Dropbox is favorite among Lawyerist writers and commentators. Although there has been a recent uproar over the security of cloud storage, there has not been much discussion about Dropbox.

Dropbox recently came under fire for a security issue with it’s mobile app and it is worth taking a closer look at.

The problem: unencrypted metadata

When you use the Dropbox mobile app on your smartphone, it transmits your metadata in the clear. Translation: when you look at a file on your Dropbox mobile app, the name of the file is visible and can be read by someone who happens to sniff out the transmission. The content of the file, however, is not visible.

Allegedly, in addition to the name, a snooper could also find out the modify time, size and whether the file is a directory or a file.

The risk seems remote, but it is very real

First of all, this risk requires someone to be snooping around and capturing data from your smart phone. Second, it requires that you have to be using your Dropbox app and accessing a file that has a filename that reveals something. The likelihood of both of those happening is low. That said, it is still a possibility, and potentially damaging.

Take the scenario to the next step. You are sitting outside court, reviewing your client’s affidavit on your Dropbox mobile app. Opposing counsel already has that document (in all likelihood). A data snooper would only see something like “March 5 Client Aff.”

The way this becomes an issue is if somehow your file name reveals something you do not want to disclose or something you have to hold in confidence. For example, you interviewed a witness and named your file “Notes from pcall with NAME.” Or if you represent a company that is in talks to buy another company, and named the file “Purchase agreement for COMPANY X.”

How to eliminate the risk

The easiest solution is to not use the Dropbox mobile app—delete it from your smart phone. The risk is minimal—there are easier ways to hack data—but it is still a risk. You can also be more careful about what you name your files. Or, purposefully avoid opening any file that reveals information in the file name when you are on the move.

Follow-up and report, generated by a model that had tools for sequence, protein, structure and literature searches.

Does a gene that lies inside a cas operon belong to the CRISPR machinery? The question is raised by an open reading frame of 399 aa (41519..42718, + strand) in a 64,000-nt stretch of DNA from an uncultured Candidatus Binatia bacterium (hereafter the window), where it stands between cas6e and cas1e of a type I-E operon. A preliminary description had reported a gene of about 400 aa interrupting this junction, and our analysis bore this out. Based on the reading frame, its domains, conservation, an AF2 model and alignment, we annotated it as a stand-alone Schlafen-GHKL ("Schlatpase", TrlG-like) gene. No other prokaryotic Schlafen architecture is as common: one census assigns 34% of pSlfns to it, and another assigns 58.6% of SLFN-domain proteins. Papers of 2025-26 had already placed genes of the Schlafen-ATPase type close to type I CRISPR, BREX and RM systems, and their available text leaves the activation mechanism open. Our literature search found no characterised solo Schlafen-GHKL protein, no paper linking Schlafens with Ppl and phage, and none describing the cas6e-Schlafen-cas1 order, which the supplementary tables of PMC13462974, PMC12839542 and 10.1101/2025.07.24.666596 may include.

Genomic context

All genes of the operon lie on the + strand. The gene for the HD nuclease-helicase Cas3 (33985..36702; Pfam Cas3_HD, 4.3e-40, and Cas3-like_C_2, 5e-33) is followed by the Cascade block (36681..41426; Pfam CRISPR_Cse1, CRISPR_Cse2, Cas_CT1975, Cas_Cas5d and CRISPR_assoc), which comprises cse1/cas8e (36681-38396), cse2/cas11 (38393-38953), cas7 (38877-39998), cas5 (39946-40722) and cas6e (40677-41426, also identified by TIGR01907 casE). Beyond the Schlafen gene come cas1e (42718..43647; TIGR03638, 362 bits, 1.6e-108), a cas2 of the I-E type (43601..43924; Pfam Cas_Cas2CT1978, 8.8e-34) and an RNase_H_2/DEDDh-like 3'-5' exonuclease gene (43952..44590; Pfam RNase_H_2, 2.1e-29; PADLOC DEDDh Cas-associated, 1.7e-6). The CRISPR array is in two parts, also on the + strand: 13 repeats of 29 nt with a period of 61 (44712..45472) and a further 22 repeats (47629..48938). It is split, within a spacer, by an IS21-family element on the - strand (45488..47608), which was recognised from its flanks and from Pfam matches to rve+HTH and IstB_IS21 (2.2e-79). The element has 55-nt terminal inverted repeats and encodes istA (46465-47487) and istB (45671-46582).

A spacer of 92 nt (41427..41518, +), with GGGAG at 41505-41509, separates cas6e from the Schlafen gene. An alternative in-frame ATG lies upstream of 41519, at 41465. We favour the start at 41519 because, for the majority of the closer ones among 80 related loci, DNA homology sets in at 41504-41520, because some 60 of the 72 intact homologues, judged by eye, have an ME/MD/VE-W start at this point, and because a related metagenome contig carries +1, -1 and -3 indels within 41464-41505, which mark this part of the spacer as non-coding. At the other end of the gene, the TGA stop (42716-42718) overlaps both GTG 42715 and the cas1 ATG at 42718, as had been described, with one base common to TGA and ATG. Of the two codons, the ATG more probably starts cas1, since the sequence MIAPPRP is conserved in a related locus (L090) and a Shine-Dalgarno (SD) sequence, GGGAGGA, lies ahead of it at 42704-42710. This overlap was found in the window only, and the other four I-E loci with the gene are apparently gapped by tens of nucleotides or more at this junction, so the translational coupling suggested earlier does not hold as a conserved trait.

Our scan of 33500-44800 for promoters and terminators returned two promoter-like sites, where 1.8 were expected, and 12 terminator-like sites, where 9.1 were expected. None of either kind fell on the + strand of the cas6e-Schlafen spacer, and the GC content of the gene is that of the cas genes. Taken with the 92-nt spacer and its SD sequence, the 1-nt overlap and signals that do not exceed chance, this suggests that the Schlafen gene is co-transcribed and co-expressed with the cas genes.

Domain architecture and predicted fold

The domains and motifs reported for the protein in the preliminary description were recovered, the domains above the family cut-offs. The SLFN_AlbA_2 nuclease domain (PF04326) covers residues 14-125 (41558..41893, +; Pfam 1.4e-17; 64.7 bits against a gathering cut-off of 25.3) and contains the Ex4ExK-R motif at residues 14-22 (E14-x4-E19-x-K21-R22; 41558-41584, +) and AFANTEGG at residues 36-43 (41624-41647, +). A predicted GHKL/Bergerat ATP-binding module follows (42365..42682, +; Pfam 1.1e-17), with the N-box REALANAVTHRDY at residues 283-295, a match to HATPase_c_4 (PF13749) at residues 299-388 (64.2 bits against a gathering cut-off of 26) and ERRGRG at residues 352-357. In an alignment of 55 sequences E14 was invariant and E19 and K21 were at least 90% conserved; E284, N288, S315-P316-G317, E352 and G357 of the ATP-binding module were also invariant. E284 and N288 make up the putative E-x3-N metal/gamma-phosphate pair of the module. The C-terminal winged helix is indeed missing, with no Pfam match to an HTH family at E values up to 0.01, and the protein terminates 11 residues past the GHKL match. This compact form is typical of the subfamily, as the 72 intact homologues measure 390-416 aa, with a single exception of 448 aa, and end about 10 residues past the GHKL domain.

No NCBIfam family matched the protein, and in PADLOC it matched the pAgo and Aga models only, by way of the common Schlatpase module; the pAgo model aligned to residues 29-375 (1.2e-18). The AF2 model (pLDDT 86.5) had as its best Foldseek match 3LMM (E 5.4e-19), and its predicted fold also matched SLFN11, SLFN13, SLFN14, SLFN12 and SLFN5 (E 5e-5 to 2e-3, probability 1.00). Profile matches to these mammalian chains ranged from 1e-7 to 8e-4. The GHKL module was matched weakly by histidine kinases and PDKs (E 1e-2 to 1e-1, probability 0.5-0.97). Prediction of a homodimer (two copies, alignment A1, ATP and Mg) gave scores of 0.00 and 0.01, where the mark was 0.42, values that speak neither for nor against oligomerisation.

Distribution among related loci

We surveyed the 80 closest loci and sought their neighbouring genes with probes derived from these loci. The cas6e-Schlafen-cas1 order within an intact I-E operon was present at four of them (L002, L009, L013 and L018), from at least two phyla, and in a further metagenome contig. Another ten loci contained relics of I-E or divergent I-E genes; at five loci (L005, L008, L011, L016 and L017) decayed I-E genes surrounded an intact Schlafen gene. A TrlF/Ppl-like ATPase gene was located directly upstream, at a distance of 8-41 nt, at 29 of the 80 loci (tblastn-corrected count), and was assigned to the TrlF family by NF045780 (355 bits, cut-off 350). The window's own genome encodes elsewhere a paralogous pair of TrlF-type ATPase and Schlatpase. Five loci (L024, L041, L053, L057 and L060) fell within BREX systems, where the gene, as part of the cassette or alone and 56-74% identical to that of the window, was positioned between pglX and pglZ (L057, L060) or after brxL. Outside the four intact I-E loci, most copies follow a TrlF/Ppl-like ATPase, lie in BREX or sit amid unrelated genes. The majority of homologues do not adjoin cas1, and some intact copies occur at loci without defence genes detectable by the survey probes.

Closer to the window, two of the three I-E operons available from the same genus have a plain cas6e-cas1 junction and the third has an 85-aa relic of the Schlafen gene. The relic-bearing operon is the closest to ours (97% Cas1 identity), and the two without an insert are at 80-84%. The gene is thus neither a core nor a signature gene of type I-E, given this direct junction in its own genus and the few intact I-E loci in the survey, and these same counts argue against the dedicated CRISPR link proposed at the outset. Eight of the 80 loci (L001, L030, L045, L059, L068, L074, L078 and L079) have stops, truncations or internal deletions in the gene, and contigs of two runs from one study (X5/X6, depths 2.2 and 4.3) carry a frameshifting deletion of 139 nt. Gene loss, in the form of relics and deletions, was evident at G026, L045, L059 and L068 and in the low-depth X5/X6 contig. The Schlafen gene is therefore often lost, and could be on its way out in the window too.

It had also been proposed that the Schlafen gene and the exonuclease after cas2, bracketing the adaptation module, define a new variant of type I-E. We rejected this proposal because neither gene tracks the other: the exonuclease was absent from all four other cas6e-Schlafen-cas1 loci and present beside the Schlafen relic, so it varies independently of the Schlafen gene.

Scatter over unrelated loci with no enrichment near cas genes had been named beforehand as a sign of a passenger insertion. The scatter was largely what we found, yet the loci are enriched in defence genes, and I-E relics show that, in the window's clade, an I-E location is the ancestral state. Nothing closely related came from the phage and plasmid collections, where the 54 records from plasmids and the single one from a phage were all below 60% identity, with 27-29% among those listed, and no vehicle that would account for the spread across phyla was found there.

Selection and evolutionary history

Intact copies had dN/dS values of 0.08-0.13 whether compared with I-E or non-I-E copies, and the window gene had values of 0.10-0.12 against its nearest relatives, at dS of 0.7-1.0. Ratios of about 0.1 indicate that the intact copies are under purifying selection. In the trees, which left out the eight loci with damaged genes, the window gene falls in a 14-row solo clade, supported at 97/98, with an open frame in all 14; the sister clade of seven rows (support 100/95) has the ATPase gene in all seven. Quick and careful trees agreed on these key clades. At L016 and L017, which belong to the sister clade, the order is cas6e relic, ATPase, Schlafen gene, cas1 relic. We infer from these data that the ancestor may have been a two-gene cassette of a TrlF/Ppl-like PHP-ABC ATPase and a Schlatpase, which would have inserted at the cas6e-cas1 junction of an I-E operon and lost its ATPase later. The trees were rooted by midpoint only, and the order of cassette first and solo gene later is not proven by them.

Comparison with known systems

Dropbox has said they are reevaluting how metadata is transferred, so the issue may get a fix in the near future.

(photo: http://www.flickr.com/photos/mdare55/5117139039)


  1. laura Thatcher says:

    It’s good to be aware f the potential risk using dropbox on my mobile app. The ability to use dropbox to access my files on my phone or iPad is the primary reason I use it. I think the best solution is simply to be careful how I name my files.

  2. Julie K. says:

    Most firms have long held naming conventions so I doubt it is realistic to change the names of a client file with all its contents when you go to trial. Especially in a paperless office. I guess you could use logmein or VPN to access files if the names are too revealing. How easy is it really for opposing counsil to see the metadata? What level of technical capabilities and software would they need? Most don’t bring a paralegal or associate to trial so how likely are they to have an IT person or the technical expertise? For that matter, many don’t even bring a laptop.

    • If someone is snooping your data, they are likely violating a number of laws. That said, it is still a risk, but it requires three steps. One, you have to access the actual file on your mobile Dropbox App. Two, someone has to be snooping. Three, it’s only an issue at that point if your file name reveals something.

  3. Julie K. says:

    I just read the article and it warns against- over public WiFI in particular. I think many of us know it is not a best practice for any attorney to use public WiFi and one should use their own. We tether wiith WPA2 encryption to iPhones. Would this alleviate the risk?

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